Insuring digital success: SulAmérica’s tech transformation
CIO Cristiano Barbieri outlines how the Brazilian insurance giant is reshaping its business with customer-centric cloud services and a reskilled IT team.
Brazil’s largest independent insurance company is driving digital transformation by putting cloud IT and analytics at its heart, with the goal of enriching the way it interacts with its customers and ensuring it can respond rapidly to the new dynamics of the insurance market.
SulAmérica, which provides a full range of insurance and investment services to its 7 million clients, has long recognized IT as critical to the efficient execution of its core processes — everything from raising a quote for life insurance to the authorization of repairs to a vehicle after an accident. However, the past four years have seen a significant acceleration and change in the way in which the company deploys its IT budget to respond to the digital needs of its client base, staff of 5,000 and a field sales force of 30,000 independent representatives.
“We are seeing a massive behavioral change in the way our clients and workforce use technology, and my main challenge is to take advantage of digital innovation to transform their experience when dealing with us,” says Cristiano Barbieri, CIO at SulAmérica. “That means we have embarked on a whole series of projects and actions, as well as staff reskilling, to transform our technology capacity to meet those demands and drive large-scale innovation.”
In a market where technology advances are so fast and frequent, SulAmérica believes that changing the fundamentals of how the team operates is directly linked to its ability to identify, absorb and introduce innovation to the organization. “I am changing the way the IT department works to be able to listen to customers, take the market’s temperature and do projects at speed,” Barbieri says.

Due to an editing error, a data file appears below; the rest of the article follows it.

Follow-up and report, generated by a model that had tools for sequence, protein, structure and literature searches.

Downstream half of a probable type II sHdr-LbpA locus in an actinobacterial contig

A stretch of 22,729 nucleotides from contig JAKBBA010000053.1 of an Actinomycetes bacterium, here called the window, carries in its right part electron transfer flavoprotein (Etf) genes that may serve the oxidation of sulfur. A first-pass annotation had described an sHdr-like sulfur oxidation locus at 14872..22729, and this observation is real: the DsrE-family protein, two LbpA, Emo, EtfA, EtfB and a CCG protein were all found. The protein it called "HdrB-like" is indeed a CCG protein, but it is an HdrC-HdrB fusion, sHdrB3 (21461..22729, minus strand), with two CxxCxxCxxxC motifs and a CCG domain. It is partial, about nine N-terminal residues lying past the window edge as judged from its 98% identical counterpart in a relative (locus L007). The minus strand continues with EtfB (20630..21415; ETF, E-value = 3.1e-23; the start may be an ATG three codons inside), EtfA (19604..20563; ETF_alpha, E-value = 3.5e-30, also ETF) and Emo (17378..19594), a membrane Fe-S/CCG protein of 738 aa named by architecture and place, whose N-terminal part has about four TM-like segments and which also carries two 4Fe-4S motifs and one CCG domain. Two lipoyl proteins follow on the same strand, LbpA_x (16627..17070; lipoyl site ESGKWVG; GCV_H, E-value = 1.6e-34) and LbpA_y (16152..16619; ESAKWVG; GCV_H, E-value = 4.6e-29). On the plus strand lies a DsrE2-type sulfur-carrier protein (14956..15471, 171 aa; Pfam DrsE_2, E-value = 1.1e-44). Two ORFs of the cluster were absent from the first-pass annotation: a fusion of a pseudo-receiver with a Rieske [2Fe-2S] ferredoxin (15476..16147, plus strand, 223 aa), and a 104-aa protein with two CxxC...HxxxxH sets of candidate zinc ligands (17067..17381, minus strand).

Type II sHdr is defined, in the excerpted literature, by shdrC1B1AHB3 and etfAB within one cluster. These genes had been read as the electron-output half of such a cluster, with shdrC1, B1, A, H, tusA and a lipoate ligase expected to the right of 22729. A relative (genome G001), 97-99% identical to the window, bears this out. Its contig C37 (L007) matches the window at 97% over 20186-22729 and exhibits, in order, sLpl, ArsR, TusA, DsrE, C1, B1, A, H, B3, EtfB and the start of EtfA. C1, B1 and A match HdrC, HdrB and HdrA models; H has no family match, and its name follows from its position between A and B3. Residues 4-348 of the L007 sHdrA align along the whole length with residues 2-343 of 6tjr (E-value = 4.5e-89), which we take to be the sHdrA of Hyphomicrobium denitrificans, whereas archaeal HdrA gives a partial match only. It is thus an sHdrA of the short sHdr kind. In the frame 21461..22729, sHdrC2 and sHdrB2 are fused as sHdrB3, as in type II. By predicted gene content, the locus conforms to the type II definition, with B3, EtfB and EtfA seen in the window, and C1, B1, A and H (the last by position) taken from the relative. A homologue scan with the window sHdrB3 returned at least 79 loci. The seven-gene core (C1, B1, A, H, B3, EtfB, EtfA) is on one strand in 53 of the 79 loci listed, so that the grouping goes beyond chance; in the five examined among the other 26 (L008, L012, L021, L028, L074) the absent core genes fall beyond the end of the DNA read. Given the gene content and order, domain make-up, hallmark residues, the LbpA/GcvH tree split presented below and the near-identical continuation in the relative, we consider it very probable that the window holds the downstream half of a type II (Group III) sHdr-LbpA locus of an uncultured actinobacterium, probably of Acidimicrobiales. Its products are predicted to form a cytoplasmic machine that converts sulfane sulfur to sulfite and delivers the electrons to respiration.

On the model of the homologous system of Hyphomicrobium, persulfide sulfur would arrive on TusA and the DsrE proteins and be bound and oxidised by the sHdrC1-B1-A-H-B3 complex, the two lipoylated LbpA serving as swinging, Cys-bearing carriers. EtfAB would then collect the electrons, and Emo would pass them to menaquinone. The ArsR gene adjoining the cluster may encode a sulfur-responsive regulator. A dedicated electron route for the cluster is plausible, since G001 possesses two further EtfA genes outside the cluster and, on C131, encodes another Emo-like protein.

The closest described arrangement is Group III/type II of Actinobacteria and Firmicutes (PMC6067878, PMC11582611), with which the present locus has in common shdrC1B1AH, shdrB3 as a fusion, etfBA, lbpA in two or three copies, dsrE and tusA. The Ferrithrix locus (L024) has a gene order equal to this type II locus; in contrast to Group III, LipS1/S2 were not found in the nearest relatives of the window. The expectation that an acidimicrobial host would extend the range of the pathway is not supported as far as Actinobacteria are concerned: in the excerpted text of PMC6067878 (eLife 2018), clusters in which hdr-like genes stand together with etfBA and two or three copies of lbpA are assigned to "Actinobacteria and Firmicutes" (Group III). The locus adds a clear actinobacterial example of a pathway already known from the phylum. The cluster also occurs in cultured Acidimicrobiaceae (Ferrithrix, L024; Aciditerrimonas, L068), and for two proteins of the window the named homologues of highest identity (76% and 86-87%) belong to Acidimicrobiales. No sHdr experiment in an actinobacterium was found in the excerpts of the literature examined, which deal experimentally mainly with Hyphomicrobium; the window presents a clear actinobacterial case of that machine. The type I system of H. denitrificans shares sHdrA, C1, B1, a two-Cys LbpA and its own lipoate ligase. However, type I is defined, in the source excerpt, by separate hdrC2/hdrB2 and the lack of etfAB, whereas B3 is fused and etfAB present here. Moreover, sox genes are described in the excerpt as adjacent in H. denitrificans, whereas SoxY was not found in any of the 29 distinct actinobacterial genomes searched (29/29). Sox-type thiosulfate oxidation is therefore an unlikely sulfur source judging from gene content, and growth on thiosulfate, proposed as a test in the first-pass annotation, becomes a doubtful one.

“My main challenge is not big data or AI or any other specific technology. If I am able to introduce a customer-focused mentality and the capability to run small projects fast, it doesn’t matter where the technology goes: we will be ready for anything,” he adds.
Ramping up cloud
A foundation for much of that change is the largest single implementation of Salesforce.com’s cloud-based customer relationship management services in South America, now in year three of a four-year roll out.
Over that period SulAmérica has replaced some 20 internally developed, siloed legacy systems with integrated Salesforce-based services. More than 2,000 staff now use the platform to interact with its millions of clients across multiple channels, using the 15-plus major applications it has developed so far using four core Salesforce modules:
• Service Cloud for integrated management of multichannel client requests through a single customer view
• Sales Cloud to manage business relationships with corporate insurance customers
• The development platform Force.com to enable the building of applications: for example, to track the discharging of patients from hospitals and their move into home care
• Community Cloud for creating portals for suppliers, service providers and business partners, with the aim of improving processes such as direct purchasing of materials.
Barbieri sees all this as just part of an evolution. “If we are to deliver a better experience, we need to have the ability to respond to any customer and sales query rapidly, and the CRM products we are rolling out are crucial to delivering on that goal,” he says. In that sense, the Salesforce deployment does not have a specific end date, he says.
In addition to Salesforce products, SulAmérica has progressively increased its use of cloud elsewhere, for public cloud services and office applications and communications. “There is no looking back in terms of our adoption of off-premise services,” says Barbieri. “We will continue to move forward with our multi-cloud approach.”